OK..always the oddball may as well jump in and stir it up. I play the sopranino quite a lot...yea, yea, yea dog whistle jokes etc. However it's more like playing a brass instrument in that there is no way you can play in tune if you can't hear the pitch you're aiming for. You hear...you play. If you're a finger wiggler and can't hear the note you're about to play (people who are strictly readers?) then it's going to be tears trying to play a nino. How does this relate I hear you say? Well, it's also true for every other sax but to a lesser degree as you go to each lower pitch sax. Once you develop the "hear it play it" attitude you are always aware of where you pitch is and making adjustments to ensure you're in tune. Having your chops automatically adjust for each instrument that you're used to playing is where you want to be, but having that sopranino experience I think makes it all much easier as you never take for granted that blowing and hitting a specific key on a nino will = a specific pitch.
I've finally started playing with other musicians again and something has really stood out - my stamina is now much, much better than it's ever been! Playing R&B type stuff almost solidly for three hours at proper performance volume, after a practise session of an hour, left me still more than able to carry on. And the intonation was spot on, too. Anyone who's played rhythm & blues stuff will know how intensive the horn parts can be as they're usually all the way through the song.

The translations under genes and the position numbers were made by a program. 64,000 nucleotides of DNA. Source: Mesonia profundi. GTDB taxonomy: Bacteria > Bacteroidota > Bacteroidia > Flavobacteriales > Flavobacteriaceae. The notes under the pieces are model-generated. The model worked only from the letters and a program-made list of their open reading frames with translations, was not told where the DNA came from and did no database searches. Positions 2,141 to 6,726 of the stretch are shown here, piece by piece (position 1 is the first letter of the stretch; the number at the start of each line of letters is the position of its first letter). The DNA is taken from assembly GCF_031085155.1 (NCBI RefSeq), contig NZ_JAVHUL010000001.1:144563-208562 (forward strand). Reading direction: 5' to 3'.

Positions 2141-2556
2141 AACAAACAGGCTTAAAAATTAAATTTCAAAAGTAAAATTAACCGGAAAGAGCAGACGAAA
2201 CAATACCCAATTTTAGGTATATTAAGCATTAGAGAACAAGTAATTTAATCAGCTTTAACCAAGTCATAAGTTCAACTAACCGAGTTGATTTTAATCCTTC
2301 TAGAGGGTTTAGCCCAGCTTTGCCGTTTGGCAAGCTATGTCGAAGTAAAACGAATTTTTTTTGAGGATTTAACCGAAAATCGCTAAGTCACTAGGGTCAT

There is one other thing I've changed over the last year - I no longer practise in the shed, which has also made a huge difference. The reason being, I don't have to deal with extreme temperatures anymore. I'm back to practising with a reasonably consistent room temperature and this has changed everything.
I've been able to go back to knowing where to put the 'piece on the neck without having to constantly refer to a tuner and concentrate on playing and micro intonation changes. It feels like the two years spent 'shedding' have been in many ways far more counter-productive than positive.
I have very little time to play/practice currently; almost none in fact. The three last times I pulled a horn out of its case, I have encountered some rather unpleasant surprises. (1) My Chinese bari just did not want to play. I really had issues with making the bell keys sound. The bell of...